What is Safety Enhanced Design?

Safety in healthcare is a hot-button topic today, and with good reason. One of the major advantages of electronic health records is their potential to increase patient safety by preventing, detecting and aiding in the recovery from human errors. In order to turn that potential into reality, the ONC has set certification standards for safety-enhanced design (SED), making patient safety a primary focus in the design of an EHR.

Certification requires that designers follow two major steps:

  1. Use a formal User Centered Design (UCD) process during development
  2. Perform Summative Usability Testing on specific areas of the product.

UCD procedures have been specified in detail in several ISO standards, listed below. These are not the only acceptable standards, but the point is that a formal UCD procedure must be followed during design and development, and the procedure must be identified or described as part of the certification process.

The essential document to read and follow is NISTIR 7742 Customized Common Industry Format Template for EHR Usability Testing. It outlines how the ONC requires documentation of the results of summative usability testing.

The Central Requirement: Summative Testing

The second step, summative usability testing, is described in detail in “Test Procedure for §170.314(g)(3) Safety-enhanced design” . In addition, ONC provides a handy, elaborate template, NISTIR 7742 Customized Common Industry Format Template for EHR Usability Testing for summative testing. We consider NISTIR-7742 extremely useful, if not essential, in seeking certification.

In the test procedure, real users run the EHR with a series of fundamental tasks. The goal is to measure the usability and safety of the EHR by documenting (1) its effectiveness in performing each task (2) its efficiency in performing that task, and (3) the user’s satisfaction from performing the task.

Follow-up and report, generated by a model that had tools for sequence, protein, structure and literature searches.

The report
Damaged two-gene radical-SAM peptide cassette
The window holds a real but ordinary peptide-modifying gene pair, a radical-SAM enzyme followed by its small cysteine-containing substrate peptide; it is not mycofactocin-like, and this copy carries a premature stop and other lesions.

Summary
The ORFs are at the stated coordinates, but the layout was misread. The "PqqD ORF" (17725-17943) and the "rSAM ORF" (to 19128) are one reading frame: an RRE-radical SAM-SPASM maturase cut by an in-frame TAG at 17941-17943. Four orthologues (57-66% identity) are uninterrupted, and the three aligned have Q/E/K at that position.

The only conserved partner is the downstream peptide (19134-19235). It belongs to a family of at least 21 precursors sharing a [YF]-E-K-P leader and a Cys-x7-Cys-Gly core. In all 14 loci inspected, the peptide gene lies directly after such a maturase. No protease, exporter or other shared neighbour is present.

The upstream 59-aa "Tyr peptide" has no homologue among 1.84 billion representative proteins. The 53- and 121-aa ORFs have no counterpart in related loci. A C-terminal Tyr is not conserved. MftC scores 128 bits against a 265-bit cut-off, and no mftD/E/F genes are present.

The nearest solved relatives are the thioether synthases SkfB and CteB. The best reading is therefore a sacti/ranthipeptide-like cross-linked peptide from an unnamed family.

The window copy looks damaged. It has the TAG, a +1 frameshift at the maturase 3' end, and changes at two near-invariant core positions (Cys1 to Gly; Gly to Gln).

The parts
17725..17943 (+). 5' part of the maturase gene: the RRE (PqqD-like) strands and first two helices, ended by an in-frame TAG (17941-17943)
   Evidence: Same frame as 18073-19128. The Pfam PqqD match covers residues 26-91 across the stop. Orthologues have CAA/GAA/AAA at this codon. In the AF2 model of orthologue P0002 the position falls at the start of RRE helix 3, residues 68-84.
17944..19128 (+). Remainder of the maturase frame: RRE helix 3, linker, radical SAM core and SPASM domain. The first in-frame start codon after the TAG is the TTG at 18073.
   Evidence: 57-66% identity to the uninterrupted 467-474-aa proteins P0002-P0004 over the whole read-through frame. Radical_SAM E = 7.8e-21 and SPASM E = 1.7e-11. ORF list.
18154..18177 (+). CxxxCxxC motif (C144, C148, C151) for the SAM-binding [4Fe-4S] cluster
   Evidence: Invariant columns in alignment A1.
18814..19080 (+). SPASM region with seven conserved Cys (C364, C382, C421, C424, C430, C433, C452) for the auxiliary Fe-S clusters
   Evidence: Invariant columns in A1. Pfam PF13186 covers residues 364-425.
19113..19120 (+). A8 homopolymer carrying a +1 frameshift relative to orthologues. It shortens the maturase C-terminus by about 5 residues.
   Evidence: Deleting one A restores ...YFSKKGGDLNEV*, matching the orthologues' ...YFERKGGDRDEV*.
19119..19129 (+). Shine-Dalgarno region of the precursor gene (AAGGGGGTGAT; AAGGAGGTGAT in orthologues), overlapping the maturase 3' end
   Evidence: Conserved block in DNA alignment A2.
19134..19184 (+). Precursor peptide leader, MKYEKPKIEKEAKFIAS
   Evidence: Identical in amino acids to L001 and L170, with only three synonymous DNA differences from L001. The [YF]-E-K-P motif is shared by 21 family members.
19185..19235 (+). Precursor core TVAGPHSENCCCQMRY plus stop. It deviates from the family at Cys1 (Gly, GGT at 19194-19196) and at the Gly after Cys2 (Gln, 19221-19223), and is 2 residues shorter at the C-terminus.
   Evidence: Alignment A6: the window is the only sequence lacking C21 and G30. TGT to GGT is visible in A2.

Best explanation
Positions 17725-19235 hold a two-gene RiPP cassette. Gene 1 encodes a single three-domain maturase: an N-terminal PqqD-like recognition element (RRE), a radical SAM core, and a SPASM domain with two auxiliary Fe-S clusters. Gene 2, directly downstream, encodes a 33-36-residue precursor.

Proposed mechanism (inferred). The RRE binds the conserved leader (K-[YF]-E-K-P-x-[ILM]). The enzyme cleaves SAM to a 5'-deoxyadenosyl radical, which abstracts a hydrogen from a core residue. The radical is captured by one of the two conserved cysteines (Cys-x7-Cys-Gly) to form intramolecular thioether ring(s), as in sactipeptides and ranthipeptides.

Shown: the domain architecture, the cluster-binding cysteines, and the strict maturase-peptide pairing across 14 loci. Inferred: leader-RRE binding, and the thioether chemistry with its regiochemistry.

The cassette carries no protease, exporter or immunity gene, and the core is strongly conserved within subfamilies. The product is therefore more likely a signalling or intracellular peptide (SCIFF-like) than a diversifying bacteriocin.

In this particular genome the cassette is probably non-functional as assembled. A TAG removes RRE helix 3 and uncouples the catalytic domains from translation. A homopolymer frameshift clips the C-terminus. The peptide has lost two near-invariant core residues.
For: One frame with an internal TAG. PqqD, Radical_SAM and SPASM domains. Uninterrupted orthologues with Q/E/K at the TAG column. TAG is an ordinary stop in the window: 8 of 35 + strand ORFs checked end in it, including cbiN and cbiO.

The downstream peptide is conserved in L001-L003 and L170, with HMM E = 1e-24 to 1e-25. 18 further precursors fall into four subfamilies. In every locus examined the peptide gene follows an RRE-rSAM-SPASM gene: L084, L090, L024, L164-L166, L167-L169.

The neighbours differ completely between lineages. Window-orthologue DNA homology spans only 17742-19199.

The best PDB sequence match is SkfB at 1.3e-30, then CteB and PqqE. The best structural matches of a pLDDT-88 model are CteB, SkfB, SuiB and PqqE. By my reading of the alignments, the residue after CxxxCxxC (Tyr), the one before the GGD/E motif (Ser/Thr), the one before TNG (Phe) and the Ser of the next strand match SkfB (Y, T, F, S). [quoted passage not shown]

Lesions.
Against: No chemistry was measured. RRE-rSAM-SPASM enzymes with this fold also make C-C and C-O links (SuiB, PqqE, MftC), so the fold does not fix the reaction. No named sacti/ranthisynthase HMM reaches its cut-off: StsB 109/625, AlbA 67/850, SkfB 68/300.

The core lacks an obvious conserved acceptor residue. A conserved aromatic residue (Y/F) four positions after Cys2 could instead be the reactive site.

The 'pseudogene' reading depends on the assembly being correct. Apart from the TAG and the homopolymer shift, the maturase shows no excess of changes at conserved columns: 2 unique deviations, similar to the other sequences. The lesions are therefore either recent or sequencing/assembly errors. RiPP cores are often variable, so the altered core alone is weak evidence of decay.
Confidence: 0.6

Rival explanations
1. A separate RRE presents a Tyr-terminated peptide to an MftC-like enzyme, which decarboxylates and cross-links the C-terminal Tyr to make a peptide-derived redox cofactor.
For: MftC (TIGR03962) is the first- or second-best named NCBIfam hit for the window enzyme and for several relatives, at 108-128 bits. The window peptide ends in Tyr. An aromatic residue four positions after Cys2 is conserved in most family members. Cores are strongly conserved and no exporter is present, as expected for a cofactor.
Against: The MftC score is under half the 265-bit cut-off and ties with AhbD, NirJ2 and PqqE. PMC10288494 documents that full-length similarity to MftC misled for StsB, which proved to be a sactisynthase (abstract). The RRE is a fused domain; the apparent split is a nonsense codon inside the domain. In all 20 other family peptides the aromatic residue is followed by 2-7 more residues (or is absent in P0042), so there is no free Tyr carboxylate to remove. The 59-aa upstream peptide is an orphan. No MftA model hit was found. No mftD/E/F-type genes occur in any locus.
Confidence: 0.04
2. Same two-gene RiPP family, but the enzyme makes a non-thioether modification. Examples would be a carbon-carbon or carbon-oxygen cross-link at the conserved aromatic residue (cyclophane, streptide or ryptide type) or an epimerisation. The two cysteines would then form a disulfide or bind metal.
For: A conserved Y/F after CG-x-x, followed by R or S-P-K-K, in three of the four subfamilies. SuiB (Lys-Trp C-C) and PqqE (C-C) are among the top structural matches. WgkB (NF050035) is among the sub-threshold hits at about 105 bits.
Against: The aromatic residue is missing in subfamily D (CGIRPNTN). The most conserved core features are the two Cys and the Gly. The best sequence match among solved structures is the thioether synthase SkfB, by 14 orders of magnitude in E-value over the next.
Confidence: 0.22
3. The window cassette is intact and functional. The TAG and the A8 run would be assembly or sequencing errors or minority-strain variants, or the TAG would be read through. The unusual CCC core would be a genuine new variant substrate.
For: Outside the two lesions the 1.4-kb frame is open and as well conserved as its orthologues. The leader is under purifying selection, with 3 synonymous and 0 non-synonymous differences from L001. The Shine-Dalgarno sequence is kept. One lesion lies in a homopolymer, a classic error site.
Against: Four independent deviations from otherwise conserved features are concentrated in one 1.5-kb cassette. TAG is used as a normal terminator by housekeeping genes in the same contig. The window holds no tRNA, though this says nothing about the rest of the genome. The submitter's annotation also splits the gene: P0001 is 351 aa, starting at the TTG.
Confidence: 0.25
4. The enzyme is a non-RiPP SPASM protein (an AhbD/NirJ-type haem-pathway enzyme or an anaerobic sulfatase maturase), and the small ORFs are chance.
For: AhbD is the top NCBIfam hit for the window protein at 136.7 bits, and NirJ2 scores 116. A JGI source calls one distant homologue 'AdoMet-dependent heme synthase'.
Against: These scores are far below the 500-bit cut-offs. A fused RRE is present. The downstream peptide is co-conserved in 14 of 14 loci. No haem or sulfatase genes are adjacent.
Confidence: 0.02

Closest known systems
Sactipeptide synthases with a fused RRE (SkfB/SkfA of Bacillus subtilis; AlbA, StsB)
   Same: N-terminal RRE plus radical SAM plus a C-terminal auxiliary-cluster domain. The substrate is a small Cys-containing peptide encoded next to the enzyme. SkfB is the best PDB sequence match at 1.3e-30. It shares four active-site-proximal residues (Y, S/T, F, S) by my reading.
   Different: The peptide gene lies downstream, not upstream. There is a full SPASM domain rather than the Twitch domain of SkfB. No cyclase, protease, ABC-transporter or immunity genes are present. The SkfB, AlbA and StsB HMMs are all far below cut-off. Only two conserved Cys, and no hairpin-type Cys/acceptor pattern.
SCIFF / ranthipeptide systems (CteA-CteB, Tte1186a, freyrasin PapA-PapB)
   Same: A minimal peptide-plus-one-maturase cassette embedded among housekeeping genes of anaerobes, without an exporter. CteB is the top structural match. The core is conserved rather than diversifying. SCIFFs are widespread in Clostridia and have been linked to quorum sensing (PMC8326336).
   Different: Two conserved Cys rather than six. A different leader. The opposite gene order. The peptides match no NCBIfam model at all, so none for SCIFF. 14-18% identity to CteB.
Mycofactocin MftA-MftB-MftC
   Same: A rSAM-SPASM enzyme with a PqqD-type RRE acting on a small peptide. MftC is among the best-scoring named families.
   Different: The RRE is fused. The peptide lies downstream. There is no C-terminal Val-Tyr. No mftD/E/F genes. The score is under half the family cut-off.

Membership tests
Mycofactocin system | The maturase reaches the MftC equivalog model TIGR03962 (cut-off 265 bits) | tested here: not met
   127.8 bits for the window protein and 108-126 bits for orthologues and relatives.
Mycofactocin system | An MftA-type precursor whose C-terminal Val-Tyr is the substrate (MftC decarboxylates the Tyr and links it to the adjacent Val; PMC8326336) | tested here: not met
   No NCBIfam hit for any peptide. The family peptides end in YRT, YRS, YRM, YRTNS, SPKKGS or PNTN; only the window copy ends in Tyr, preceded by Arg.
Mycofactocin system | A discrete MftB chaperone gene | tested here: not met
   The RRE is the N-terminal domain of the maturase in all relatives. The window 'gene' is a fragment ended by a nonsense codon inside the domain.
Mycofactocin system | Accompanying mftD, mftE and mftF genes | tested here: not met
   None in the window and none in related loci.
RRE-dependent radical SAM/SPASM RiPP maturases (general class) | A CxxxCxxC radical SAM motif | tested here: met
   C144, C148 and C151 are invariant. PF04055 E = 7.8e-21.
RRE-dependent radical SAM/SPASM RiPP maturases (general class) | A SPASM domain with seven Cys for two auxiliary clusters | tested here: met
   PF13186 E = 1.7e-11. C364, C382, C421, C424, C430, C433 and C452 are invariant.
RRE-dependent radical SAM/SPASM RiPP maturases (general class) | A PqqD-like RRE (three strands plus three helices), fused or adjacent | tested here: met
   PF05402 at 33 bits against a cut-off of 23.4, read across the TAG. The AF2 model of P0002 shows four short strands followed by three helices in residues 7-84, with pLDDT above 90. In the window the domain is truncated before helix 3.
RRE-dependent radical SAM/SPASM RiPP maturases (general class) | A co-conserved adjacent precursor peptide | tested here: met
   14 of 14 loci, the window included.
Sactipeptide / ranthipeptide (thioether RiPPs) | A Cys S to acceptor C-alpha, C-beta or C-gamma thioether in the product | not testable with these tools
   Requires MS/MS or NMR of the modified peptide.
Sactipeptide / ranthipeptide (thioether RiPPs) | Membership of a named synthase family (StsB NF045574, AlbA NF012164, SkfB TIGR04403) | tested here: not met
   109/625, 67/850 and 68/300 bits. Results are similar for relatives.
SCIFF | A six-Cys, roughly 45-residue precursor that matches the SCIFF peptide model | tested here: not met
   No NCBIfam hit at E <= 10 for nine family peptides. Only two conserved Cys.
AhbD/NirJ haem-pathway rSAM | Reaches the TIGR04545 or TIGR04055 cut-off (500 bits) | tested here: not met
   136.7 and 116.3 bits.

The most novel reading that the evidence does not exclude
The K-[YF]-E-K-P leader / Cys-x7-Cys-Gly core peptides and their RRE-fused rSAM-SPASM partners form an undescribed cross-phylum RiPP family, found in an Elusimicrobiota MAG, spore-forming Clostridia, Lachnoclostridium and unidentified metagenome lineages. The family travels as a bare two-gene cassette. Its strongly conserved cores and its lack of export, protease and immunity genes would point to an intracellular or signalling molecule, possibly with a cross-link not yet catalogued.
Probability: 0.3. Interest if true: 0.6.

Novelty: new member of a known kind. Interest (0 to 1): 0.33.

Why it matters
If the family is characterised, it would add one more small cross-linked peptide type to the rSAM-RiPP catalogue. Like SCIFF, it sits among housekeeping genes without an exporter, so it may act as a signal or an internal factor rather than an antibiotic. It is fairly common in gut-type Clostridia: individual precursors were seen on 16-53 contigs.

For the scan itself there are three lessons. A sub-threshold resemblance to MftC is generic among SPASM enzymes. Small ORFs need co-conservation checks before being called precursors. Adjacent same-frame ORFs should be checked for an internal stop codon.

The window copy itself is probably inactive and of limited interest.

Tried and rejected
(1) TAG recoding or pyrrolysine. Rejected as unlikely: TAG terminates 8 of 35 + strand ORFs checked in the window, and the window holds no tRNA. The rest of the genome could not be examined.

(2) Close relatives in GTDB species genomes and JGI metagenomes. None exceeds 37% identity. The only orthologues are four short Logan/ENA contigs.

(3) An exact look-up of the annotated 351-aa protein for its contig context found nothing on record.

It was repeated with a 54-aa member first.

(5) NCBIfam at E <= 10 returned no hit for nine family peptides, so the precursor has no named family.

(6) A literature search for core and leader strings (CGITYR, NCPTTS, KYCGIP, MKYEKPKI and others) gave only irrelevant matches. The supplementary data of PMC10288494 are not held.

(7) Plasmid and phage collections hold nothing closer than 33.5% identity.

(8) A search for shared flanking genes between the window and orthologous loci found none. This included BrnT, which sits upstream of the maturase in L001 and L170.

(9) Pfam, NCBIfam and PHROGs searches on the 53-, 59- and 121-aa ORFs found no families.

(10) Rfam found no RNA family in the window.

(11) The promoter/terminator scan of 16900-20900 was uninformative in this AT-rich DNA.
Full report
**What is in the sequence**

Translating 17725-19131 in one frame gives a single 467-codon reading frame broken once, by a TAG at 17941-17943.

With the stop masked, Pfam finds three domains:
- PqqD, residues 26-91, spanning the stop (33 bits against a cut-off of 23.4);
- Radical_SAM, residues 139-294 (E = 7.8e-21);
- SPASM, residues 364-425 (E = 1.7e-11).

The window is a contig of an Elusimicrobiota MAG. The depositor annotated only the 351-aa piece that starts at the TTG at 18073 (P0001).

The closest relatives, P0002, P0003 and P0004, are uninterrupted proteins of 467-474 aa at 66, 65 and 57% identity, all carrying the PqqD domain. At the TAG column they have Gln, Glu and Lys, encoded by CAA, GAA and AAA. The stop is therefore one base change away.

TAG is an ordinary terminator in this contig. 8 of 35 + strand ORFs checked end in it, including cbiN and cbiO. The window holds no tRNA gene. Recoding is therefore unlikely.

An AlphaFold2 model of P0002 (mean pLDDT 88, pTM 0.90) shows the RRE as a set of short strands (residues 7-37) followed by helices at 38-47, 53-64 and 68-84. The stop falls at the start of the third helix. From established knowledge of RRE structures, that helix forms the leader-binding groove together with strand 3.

Each task is a fundamental EHR capability, and each must be tested and reported separately. The tasks cover these capabilities (areas of focus):

  1. Computerized Provider Order Entry System (CPOE) (§ 170.314(a)(1));
  2. Drug- drug, drug-allergy interaction checks (§ 170.314(a)(2));
  3. Medication list (§ 170.314(a)(6));
  4. Medication allergy list (§ 170.314(a)(7));
  5. Clinical decision support (§ 170.314(a)(8));
  6. Electronic medication administration record (§ 170.314(a)(16));
  7. Electronic prescribing (§ 170.314(b)(3));
  8. Clinical information reconciliation (§ 170.314(b)(4)).

Other Requirements/Tips for Success:

Developers should familiarize themselves with required government standards related to SED (listed below). Reading these standards, as you probably know, will require some time and concentration, but understanding them is necessary for preparing your report. For one thing, you will be expected to specify the standards used in the design process of your EHR system.

  • ISO 9241-11
  • ISO 9241-210
  • ISO/TR 16982
  • IEC/ISO 62366
  • ISO/IEC 25062
  • NISTIR 7741 & 7742 (described previously)
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